It’s also a terrific way to learn to play piano.

The more aware and knowing one becomes of all the physical sensations of touch and sound the more knowledge and information one finds in the sensations. The right feel of distance between the fingers becomes the right note. The right feel of arm movement becomes the right feel of the notes of a large skip. The right combination of both becomes the right passage work. The right feel of key resistance becomes the right sound from the piano. The right imagined sound becomes what the finger does. (That’s called playing by ear.) All the things students try to get “right” are felt in the sensations of the body.

What I find most useful in my own practicing is to imagine what the next chord, or note or group of notes is going to feel like under my fingers. Entwined with this is the imagined sound. Where I can’t imagine the feeling of the fingers, I don’t know the passage well enough so I must slow down to allow myself more time to know the sensations. If I can’t imagine the sound, I sing it or play it slowly just to focus on the sound.

One reason students need to play passages of their music over and over again is because they don’t pay attention to this crucial sensory information. Either they observe themselves playing to see if they do it right or their minds are off somewhere else.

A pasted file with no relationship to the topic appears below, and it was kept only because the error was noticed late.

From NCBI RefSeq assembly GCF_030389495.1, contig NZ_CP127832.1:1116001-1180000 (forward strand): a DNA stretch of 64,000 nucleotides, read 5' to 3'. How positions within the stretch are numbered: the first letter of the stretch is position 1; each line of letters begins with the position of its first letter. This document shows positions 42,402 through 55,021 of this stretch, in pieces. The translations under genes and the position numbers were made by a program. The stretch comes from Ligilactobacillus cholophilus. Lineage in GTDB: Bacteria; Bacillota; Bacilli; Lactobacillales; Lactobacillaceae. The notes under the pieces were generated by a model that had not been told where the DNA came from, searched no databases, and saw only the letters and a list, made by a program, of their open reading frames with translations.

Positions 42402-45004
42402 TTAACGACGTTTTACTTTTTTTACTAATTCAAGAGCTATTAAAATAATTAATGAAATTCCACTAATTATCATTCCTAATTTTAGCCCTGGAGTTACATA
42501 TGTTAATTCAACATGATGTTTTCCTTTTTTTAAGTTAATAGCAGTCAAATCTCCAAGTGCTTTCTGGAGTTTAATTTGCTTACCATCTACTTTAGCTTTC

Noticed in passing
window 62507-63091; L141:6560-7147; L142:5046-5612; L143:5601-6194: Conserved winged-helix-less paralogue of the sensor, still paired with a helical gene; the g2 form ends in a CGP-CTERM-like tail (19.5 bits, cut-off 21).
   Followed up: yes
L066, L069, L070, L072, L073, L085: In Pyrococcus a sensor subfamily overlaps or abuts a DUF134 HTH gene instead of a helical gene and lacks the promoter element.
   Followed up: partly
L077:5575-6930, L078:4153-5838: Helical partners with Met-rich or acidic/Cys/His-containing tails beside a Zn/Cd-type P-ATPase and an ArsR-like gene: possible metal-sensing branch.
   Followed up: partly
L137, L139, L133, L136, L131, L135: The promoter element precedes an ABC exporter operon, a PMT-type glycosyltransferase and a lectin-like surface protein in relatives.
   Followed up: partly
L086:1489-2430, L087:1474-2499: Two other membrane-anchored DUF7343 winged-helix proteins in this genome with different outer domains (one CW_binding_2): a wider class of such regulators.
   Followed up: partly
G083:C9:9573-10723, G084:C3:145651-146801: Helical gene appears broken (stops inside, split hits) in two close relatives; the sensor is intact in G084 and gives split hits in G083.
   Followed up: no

There are some meditation exercises where one is to be aware of the breathing by focusing on the in and out sensations of the breath. By such inward attention it is possible to reach different levels of experience. In a similar manner, mindfulness on the sensations of our actions playing the piano can move us to a different levels of musical experience.

There are things for us to learn from people who teach meditation. Interestingly, athletes have been learning from them for years and this knowledge is an important element of sports psychology. In the arts, we’re a little late. Barry Green’s book “The Inner Game of Music” was based on Timothy Galway’s earlier book “The Inner Game of Tennis.”

Sensations Beyond the Hands

After understanding that the mindfulness is placed with the sensations involved in the playing of the moment, we must learn where all these sensations are felt and heard in the body.

Where do we learn how to play a passage? Where do we “know” it? We tend to think it’s in our heads but it doesn’t feel like it’s there. I can imagine the sensations of playing the piano so where do I feel those sensations?
Obviously we feel sensations in the fingers but what about the arms, the shoulders, the neck. We may not be aware of the shoulders and neck but sometimes they are so tight and sore after practicing. Why did we never feel these uncomfortable sensations as they developed? Clearly, we’re missing a lot that’s happening in our bodies.